Will 2022 Be Bitcoin’s Biggest Year?
2021 was arguably Bitcoin’s biggest year yet. Numerous individuals, institutions, and even a nation-state adopted bitcoin. The network participants, transaction volume, and price set new all-time-highs. And we began to see the potential of second-layer and side-chain solutions (e.g., Lightning Network, Liquid Network, and Synonym).
So, what does Bitcoin have in store for 2022? Here are some of our predictions:
- More politicians, professional athletes, and celebrities will take their salary in bitcoin.
- More institutions will keep bitcoin as a reserve asset.
- More businesses, including banks, will accept bitcoin payments and/or offer bitcoin products/services.
- Another nation state will move significantly towards adopting bitcoin as a currency.
- Bitcoin network participation will continue to grow (e.g., Lightning Nodes will hit another all-time-high, as will the transaction volume on the Bitcoin network overall).
- Utility of second-layer and side-chain solutions will reach new milestones (e.g., we’ll see tokens, like USD Tether or even NFTs, on the Bitcoin network).
- Bitcoin will continue to become more secure and decentralised (e.g., hash rate will set another all-time-high, and we’ll see new institutions producing and utilising bitcoin mining hardware).
- A bitcoin-focused ETF will be released on the Australian Stock Exchange (ASX).
- Additional Bitcoin-related companies will list on the ASX.
Let us know your predictions. We’ll check back at the end of 2022 and see how we did!
Australia Consumer Price Index Update
On 25 January 2022, the Australian Bureau of Statistics released the updated annual Consumer Price Index (CPI): 3.5%! This is an increase from the previous annual CPI of 3.0% (i.e., from the September 2021 figures).
One way of looking at this figure is that for every 10 years you save in fiat currency, you are losing around 41% of the value of your savings. Having said that, we expect real inflation to be much higher than this, considering the CPI is an underestimate based on an adjustable basket of goods.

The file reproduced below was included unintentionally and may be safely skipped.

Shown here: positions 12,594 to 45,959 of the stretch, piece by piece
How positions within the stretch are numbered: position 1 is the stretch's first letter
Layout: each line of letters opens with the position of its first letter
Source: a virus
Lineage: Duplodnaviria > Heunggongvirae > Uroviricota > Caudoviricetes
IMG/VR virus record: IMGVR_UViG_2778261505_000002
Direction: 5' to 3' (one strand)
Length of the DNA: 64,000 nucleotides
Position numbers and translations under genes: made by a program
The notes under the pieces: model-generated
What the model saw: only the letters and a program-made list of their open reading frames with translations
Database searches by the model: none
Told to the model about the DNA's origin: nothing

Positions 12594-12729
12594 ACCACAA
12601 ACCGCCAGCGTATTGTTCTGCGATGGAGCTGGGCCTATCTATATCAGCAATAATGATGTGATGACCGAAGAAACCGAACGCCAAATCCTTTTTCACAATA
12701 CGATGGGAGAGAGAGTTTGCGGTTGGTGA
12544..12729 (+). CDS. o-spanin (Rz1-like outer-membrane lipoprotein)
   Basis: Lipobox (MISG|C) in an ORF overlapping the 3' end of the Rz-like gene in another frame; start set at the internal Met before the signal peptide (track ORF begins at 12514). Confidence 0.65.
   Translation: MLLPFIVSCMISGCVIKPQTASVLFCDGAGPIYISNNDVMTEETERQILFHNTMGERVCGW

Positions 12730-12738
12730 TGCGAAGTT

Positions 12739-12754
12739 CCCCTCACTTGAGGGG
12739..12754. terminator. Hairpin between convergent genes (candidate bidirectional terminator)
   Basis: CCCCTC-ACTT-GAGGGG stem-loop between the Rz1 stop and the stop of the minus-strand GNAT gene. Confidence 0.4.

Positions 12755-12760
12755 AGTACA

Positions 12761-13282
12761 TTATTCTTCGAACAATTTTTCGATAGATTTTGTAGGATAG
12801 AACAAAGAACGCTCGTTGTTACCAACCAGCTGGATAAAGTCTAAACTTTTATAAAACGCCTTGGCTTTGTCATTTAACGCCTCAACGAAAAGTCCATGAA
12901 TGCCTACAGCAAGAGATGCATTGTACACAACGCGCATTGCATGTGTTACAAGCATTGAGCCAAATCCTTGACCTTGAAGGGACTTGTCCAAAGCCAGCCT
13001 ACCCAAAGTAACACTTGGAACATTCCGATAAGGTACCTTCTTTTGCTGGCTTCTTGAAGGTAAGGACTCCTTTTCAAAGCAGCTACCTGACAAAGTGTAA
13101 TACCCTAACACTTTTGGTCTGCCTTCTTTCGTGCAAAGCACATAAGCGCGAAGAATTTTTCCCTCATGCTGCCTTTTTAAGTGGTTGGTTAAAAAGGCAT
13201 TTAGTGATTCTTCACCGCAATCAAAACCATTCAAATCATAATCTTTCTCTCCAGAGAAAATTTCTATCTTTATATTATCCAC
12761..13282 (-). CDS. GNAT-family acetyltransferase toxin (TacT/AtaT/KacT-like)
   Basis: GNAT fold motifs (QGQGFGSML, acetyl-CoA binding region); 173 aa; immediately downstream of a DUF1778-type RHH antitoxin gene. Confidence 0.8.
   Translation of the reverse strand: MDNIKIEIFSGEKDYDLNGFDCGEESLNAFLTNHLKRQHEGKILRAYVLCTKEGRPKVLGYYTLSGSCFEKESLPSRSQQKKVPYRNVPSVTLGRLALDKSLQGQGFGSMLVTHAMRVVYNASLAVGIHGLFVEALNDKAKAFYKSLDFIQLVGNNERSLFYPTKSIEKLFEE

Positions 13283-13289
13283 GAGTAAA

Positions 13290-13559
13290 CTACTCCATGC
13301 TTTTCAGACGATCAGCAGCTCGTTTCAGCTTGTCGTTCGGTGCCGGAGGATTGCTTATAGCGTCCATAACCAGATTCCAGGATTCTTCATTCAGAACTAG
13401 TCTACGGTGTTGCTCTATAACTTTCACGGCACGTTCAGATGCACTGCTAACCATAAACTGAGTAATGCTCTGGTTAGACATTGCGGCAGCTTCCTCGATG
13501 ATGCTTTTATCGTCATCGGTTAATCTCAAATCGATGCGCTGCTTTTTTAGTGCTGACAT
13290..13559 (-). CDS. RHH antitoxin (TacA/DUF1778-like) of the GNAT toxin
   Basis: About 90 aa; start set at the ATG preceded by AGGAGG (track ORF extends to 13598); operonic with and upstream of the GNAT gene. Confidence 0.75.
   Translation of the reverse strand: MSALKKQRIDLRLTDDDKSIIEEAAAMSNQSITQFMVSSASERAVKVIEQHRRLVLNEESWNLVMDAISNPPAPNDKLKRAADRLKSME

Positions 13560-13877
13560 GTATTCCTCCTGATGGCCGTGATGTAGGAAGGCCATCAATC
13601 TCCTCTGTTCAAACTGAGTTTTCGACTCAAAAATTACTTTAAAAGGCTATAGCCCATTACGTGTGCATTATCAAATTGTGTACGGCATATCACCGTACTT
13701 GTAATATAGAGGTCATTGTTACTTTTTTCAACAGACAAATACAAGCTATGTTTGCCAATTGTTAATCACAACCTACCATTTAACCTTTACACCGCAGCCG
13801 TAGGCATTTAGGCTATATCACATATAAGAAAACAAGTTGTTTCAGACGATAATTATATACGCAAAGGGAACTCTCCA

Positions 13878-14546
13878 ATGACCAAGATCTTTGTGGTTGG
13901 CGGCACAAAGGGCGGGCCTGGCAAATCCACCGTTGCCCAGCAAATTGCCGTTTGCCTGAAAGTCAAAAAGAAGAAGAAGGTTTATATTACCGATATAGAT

For more information on how to properly gauge price inflation (or monetary value debasement), then see our recent article titled Getting Ahead of Inflation.
Bitcoin Developers Legal Defence Fund
On 12 January 2022, Jack Dorsey (CEO of Block and ex-CEO of Twitter) announced that he, Alex Morcos (Co-Founder of Chaincode Labs), and Martin White (Professor of Computer Science at the University of Sussex) have established a non-profit legal fund which aims to minimise vexatious legal proceedings that discourage software developers from actively working on Bitcoin and its related projects (including the Lightning Network). The Fund intends to find and retain defence lawyers, develop litigation strategies, and pay legal bills. The Fund is available to be used as a free and voluntary option for Bitcoin developers.
This is big news, because legal attacks aimed at software developers have remained an unmitigated attack vector for Bitcoin. For example, three long-term Bitcoin developers recently stepped down from the project due to “legal risks” (i.e., Jonas Schnelli, Samuel Dobson, and John Newbery). Relatedly, there is the ongoing Tulip Trading lawsuit, in which Craig Wright claims to be the victim of private key theft connected to around $5.7 billion (USD) worth of Bitcoin. In this lawsuit, Craig Wright is suing numerous software developers, including many prolific bitcoiners (e.g., Jonas Schnelli, Matthew Corallo, Peter Todd, Marco Falke, Wladimir Van Der Laan, and Pieter Wuille). The Bitcoin Legal Defence Fund’s first action will be to take over and coordinate the defence against Craig Wright.
Price Analysis – Don’t Stress, Keep Dollar Cost Averaging!